Those who live outside of Spain tend to think the word Barca (pronounced barce-uh) is an abbreviation for the second largest city in Spain, Barcelona. For those of us studying here, it became clear very quickly that Barca was not a nickname for the city, but for its world-class fútbol (European soccer) club, FC Barcelona.
If you ask the fans here, following FC Barcelona is similar to practicing a religion. Locals who do not support them are basically shunned-it’s that serious. These Spaniards eat, sleep, and breathe fútbol. On match day you will find 99,000 rabid fans watching the game live at the incredible Camp Nou stadium. The arena is the largest in Europe. Those unable to secure a ticket view the game at a bar with friends or watching at home glued to the TV with family.
FC Barcelona’s motto is “mes que un club” (more than just a club.) It represents something bigger than athletics – it represents Catalan independence. Barcelona is one of the four coastal regions that make up Catalunya, the Catalan nation that has struggled to find independence from the rest of Spain for years. From the 1920’s under Miguel Primo de Rivera’s rule to the severe fascist ruling of dictator Franco, the Catalan culture and specifically its team, Barca, have been severally oppressed.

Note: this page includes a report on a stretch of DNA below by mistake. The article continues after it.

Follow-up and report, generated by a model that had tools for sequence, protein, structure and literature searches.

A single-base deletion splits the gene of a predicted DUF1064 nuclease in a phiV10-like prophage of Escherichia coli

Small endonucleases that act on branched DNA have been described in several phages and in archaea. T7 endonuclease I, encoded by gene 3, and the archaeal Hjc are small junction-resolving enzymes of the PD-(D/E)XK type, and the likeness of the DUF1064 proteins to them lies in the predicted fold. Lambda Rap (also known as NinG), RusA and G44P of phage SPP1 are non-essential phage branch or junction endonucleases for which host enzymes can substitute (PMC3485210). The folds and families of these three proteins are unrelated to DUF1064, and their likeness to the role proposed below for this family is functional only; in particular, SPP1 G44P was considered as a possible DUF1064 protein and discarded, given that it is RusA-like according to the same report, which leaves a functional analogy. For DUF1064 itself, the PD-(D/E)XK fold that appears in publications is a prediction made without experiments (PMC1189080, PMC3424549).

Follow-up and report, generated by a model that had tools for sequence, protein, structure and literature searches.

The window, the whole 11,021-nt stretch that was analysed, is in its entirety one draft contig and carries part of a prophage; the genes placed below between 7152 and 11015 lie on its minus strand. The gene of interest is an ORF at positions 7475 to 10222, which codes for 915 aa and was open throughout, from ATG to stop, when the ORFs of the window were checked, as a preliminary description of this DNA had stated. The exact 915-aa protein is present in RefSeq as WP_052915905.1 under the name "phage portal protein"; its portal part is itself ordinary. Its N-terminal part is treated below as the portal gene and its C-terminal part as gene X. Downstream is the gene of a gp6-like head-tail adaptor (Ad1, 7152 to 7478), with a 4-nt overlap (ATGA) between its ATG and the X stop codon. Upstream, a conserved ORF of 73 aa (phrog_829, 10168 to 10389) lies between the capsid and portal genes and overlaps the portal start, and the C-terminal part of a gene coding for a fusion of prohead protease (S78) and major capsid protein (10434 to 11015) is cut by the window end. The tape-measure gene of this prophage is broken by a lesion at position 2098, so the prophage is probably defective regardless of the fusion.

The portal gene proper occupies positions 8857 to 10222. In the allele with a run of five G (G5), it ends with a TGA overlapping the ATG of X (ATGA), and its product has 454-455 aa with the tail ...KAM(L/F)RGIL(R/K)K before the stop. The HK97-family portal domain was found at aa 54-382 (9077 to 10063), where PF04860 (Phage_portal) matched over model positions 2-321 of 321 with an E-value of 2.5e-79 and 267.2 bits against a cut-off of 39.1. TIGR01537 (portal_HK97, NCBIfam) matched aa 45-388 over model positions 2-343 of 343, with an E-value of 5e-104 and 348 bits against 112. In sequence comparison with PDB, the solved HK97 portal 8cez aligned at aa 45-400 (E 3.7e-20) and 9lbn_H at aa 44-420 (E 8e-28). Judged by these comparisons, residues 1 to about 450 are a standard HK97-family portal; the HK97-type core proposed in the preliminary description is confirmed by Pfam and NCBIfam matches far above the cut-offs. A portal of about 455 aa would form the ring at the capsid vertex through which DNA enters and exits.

After Spain’s switch to democracy, Barca has grown to represent not only Catalan independence, but important life values as well. These five key values include Respect, Effort, Teamwork, Humility, and Ambition. Barca and its fans take pride in the fact that the way they play fútbol is not only inspiring the world in the athletic sense but morally as well.
Barca can credit its amazing history of feats on the field to its long list of world-class players. The current stars are Lionel Messi, Louis Suarez, Neymar Jr. and Gerard Pique, to name a few. Messi, 34, has been charted as the best player in the world for quite some time. To Barca fans, Messi is a god, and he is the key component of the on and off field success of Barca’s current team.
Venturing into Camp Nou for the first time was a life changing experience. I thought I was prepared for the intense atmosphere and the insane fans, but the game and the venue itself had no comparison to American football or basketball on any level. I got to my seat an hour before kickoff, and the cheering and drums heard from all sections of the stadium had already started- they would not stop until the last second ticked off of the scoreboard.
After attending a Barca match, it’s a bit funny to think about how sports fans in the US refer to themselves as dedicated or obsessed. Merely spending a week in Europe would be enough to realize that our fan followings are far too limited to compete with the addiction that fútbol is here. If we want to consider ourselves avid fans, we need to take some advice from the fans of FC Barcelona.